If Oprah, the most powerful person in the world, can’t conquer her food issues, what can the rest of us do but laugh as we try?
The theatrical piece features four characters: a woman afflicted with bulimia, who binges and purges; a comfortable, confident overweight woman; a “permanent size zero” who is unable to gain weight; and a lifelong yo-yo dieter whose role is based on and performed by the playwright herself, standup comic Lisa Lampanelli.
Lampanelli came from a classic Italian family whose culture included the “food is love” trope. Lonely at college, she ate to self-medicate the feelings of isolation. She battled weight issues for decades, meanwhile establishing a career as a standup artist and a reputation for being steely, harsh and ruthless. A lot of defensive armor was necessary, as the male comics at her home club, led by the formidable Patrice O’Neal, roasted her relentlessly for being both female and obese.
In 2012, when her weight had reached almost 250 pounds, Lampanelli underwent gastric sleeve surgery. After the procedure, and two weeks on liquids, she tried for a while to survive on tiny amounts of her favorite carbohydrate-laden comfort foods. But the very low post-surgery nutrient absorption rate guaranteed that the tactic could not lead to good results. She joined the kale-smoothie and lean-protein brigade.
Previously, she had thought of bariatric surgery as the “easy way out.” There turned out to be complications, including divorce — but with a twist. Reporter Barbara Hoffman wrote:
As for her ex-husband: Jimmy Cannizzaro had gastric-sleeve surgery several months after Lampanelli did (“He said he was waiting to see if I’d die on the table!”) and lost 95 pounds. Once they stopped eating their feelings, she says, they realized they had little in common. So friendly was their 2014 divorce that she attended his next wedding.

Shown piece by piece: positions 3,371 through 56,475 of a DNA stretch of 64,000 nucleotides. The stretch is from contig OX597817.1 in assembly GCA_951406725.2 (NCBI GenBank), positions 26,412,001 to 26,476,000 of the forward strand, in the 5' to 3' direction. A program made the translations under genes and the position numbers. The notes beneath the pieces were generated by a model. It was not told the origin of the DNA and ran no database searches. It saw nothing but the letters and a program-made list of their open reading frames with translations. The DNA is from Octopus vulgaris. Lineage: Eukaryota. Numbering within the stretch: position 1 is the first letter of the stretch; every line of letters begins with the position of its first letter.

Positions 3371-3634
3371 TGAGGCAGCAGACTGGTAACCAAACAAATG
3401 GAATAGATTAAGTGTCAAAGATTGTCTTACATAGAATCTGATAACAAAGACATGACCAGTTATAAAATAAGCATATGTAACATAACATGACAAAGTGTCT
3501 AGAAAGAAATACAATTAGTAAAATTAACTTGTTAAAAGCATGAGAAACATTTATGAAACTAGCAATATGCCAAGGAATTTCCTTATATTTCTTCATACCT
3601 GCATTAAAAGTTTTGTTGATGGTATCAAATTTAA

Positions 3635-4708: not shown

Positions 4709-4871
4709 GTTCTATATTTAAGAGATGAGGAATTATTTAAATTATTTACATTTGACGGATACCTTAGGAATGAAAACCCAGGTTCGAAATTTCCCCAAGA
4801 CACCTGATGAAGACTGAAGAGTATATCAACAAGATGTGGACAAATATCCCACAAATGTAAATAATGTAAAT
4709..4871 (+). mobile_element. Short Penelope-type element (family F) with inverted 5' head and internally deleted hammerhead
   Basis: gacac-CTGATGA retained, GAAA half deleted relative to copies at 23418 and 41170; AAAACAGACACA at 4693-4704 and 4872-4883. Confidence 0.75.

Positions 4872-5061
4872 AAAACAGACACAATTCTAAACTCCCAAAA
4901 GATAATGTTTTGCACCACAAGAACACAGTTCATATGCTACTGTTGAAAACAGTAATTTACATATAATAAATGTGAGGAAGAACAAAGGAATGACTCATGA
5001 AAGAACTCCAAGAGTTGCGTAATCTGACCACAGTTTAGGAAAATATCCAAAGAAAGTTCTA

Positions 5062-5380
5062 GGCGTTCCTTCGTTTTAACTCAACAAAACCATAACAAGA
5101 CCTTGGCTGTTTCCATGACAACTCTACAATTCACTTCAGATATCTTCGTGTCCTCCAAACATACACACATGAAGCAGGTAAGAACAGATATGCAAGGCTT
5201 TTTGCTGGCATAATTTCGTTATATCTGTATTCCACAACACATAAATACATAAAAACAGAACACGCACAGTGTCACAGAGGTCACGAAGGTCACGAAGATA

Lampanelli discovered an advantage of weight loss to be the more economical price of standard-size threads, which don’t cost extra, like plus-size clothing tends to do. She no longer feels compelled to buy expensive accessories to “hide behind.” But, she revealed last year to The New York Times writer Jason Zinoman, she still spent 90% of her time thinking about food and body image.
As for the origin story of Stuffed, she told Zinoman:
I looked around and couldn’t believe no one has written a show about women and eating. It’s the biggest issue women have.
Also for The New York Times, Laura Collins-Hughes reviewed the play and found it unremarkable:
She’s trying a kinder, gentler sisterhood approach. It’s an awkward attempt, and so, unfortunately, is the show as a whole […] a patchwork of stand-up comedy and monologues only loosely sewn together… Still, there are some laughs here, some genuine pain and even a bit of insight.
Your responses and feedback are welcome!
Source: “Stuffed,” StuffedPlay.com, undated
Source: “Lisa Lampanelli: Weight-loss surgery cured my yo-yo dieting,” NYPost.com, 11/13/17
Source: “Body Image Issues? Lisa Lampanelli Knows the Feeling,” NYTimes.com, 09/22/16
Source: “Review: ‘Stuffed’ Details Fights Women Wage With Their Weight,” NYTimes, 10/14/16
Photo by Michael Lehet on Visualhunt/CC BY-ND